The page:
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ADD without hyperactivity can be more difficult to identify than the other subtypes.

Can You Have ADD Without Hyperactivity?

Attention deficit disorder (ADD) is in many ways similar to attention deficit hyperactivity disorder (ADHD), but without the symptoms of hyperactivity. This can sometimes make ADD more difficult to recognize and diagnose than the hyperactive form of the condition.

However, ADD without hyperactivity can still have a significant impact on the sufferer’s quality of life, and people with this condition may struggle to hold down a job or maintain healthy relationships.

Symptoms of ADD Without Hyperactivity

There are three major subtypes of ADD/ADHD: the predominantly hyperactive/impulsive subtype, the predominantly inattentive subtype, and the combined subtype.

Whereas people with the hyperactive/impulsive subtype may have difficulty sitting still or controlling their behavior, people with the predominantly inattentive subtype tend to be more quiet and introverted.

Because of this, ADD without hyperactivity can be more difficult to identify than the other subtypes, and can often go undiagnosed. According to criteria laid out by the American Psychiatric Association, at least six of the following symptoms need to be present in order to make a positive diagnosis of ADD without hyperactivity:

  • A difficulty with paying attention to a task or activity for a sustained period of time.
  • A lack of attention to detail or a tendency to make careless mistakes.
  • Difficulty organizing tasks and activities.
  • A tendency to be easily distracted.
  • Inability to follow instructions or complete tasks, even if the person understands what is expected of them.
  • Forgetfulness when carrying out tasks.
  • Procrastinating or putting off tasks which require sustained attention.
  • Frequently losing materials required to carry out tasks.
  • Difficulty with paying attention, even when being spoken to directly.

These symptoms can make it difficult to carry out and complete even simple tasks, and people with ADD may have difficulty maintaining careers, relationships, and finances.

Diagnosing ADD Without Hyperactivity

ADD and ADHD are most often diagnosed in early childhood, but without the obvious symptoms of hyperactivity, ADD can sometimes go unnoticed until much later in life.

To make a diagnosis of ADD without hyperactivity, your physician will take a detailed case history including information about medical and behavioral issues. Because ADD is thought to have a genetic component, they are also likely to ask about whether you have other close family members with similar problems.

You might be asked to fill in a questionnaire regarding your symptoms, and your physician might conduct examinations to rule out other psychological conditions such as depression or anxiety, or physical conditions such as seizures or thyroid disorders.

For your physician to make a definite diagnosis, you will need to be experiencing difficulties in at least two significant areas of your life. This could mean issues at school or work, problems with relationships, or an inability to manage your finances effectively.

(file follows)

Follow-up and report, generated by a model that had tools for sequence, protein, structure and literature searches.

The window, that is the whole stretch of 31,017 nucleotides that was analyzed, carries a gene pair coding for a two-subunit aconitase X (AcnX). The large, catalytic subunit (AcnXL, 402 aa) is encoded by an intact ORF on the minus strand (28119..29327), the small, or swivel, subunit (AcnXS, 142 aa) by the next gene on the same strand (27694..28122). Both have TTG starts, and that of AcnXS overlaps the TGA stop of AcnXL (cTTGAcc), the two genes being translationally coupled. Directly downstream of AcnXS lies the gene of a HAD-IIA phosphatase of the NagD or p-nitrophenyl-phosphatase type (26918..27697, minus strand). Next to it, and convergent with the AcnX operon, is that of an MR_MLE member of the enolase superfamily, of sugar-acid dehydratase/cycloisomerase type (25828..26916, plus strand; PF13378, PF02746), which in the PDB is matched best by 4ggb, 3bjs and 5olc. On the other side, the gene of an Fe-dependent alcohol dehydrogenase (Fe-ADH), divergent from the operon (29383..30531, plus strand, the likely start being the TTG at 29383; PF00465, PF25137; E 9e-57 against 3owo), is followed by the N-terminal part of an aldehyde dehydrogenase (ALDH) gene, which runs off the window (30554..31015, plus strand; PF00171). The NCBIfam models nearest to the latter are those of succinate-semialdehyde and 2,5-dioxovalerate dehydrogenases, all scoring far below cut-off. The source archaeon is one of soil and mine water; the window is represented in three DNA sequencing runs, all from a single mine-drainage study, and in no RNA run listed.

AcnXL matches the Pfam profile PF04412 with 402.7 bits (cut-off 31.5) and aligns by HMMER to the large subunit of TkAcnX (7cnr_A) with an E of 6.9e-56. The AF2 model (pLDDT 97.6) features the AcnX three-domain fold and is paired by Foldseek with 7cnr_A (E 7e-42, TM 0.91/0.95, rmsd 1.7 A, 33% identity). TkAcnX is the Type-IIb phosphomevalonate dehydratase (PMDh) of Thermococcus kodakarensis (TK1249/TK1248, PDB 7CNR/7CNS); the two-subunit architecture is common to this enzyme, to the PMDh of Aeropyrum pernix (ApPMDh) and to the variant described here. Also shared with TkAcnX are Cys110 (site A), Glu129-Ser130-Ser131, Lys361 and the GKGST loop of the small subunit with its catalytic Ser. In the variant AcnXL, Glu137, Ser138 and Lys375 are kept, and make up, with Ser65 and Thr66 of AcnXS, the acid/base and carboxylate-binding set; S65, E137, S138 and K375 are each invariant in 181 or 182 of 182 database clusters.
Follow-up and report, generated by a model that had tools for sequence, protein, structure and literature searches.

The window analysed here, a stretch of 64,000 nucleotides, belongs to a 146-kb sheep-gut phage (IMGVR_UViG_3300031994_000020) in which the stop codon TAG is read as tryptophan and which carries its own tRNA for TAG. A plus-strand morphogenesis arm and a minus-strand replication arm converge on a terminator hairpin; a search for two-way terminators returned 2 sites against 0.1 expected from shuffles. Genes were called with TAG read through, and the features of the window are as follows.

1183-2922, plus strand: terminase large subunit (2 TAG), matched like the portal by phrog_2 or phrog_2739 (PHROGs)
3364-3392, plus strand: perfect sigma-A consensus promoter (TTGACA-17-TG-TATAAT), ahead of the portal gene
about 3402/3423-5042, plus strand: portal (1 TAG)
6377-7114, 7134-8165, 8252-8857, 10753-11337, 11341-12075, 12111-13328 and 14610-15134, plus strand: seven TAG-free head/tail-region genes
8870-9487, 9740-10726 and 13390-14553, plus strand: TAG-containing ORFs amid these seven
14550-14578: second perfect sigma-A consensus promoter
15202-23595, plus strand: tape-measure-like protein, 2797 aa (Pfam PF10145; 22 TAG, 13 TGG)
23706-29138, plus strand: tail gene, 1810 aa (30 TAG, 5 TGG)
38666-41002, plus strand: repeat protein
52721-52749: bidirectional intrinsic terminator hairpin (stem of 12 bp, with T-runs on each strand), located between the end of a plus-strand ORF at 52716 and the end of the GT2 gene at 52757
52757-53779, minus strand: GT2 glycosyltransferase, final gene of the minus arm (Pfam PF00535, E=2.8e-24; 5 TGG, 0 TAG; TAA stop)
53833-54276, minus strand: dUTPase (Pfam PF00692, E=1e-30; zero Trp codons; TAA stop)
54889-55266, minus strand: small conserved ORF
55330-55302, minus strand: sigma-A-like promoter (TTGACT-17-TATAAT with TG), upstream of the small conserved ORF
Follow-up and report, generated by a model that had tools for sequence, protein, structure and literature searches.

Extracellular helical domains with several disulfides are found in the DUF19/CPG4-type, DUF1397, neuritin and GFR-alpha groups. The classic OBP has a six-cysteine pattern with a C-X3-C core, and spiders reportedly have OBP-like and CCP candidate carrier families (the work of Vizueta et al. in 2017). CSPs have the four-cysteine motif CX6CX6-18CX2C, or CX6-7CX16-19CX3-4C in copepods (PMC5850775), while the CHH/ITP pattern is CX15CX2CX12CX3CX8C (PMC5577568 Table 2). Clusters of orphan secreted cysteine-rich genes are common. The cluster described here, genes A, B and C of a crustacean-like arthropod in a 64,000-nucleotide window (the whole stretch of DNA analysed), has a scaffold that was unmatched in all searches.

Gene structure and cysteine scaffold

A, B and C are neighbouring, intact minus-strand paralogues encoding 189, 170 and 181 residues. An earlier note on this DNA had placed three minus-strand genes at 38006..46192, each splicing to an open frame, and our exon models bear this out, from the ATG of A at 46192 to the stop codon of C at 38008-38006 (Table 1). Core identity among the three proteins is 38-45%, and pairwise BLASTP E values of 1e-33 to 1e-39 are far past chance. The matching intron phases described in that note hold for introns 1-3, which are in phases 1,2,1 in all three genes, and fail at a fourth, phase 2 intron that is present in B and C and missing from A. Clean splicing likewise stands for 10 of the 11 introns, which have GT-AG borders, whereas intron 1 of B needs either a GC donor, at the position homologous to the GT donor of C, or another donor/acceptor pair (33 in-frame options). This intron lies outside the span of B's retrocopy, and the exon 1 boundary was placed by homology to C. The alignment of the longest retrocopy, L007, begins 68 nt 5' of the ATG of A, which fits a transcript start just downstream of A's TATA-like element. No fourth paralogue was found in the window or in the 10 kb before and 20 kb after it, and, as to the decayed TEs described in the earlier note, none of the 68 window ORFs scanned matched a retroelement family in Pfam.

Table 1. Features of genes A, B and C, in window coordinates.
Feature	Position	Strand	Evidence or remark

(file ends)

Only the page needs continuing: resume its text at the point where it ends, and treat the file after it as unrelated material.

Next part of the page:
Treatment for ADD Without Hyperactivity

Although there is currently no cure for ADD, it is possible to manage the symptoms through a combination of medication and other therapies.

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Medication for ADD Without Hyperactivity

ADD, and ADHD are generally treated with a class of drugs known as stimulants. These medications include amphetamine salts (Adderall) and methylphenidate (Ritalin). There is some evidence to suggest that people with the predominantly inattentive subtype of ADD respond better to amphetamine salts, while those with the predominantly hyperactive subtype respond better to methylphenidate.

The side effects of stimulant drugs include:

  • Sleep problems
  • Reduced appetite
  • Digestive issues
  • Increased heart rate and blood pressure
  • Headaches
  • Mood swings

In people who do not respond well to stimulant drugs for ADD, non-stimulant drugs may be prescribed instead. The most common of these is atomoxetine (Strattera).

The side effects of atomoxetine include:

  • Sleep problems
  • Digestive issues
  • Increased heart rate and blood pressure
  • Headaches
  • Dizziness
  • Irritability

Antidepressants may also be prescribed for people with ADD without hyperactivity, especially if they are also suffering from depression, anxiety, or other mood disorders.

Therapy for ADD Without Hyperactivity

Medication for ADD works best when combined with therapies such as cognitive behavioral therapy (CBT) or coaching. These therapies can help people with this condition to recognize negative thought processes and patterns of behavior and take steps towards reversing them.

These therapies also provide an opportunity for people with ADD to learn to organize their time and plan tasks more effectively.

Therapy can be carried out on a one-to-one basis or in a group setting. It is often helpful to talk to other people with the same condition to discuss what works well and what does not, and to offer support to one another when needed.

Living With ADD Without Hyperactivity

Conditions like ADD can make it more difficult to carry out everyday tasks and to maintain schoolwork, jobs, and relationships. However, with the right treatment, it is possible to manage your symptoms, improve your general well-being, and live a relatively normal life.

If you think you may have ADD without hyperactivity, talk to your physician as soon as possible. The sooner you receive the right diagnosis and treatment, the sooner you can start to make positive changes to your life.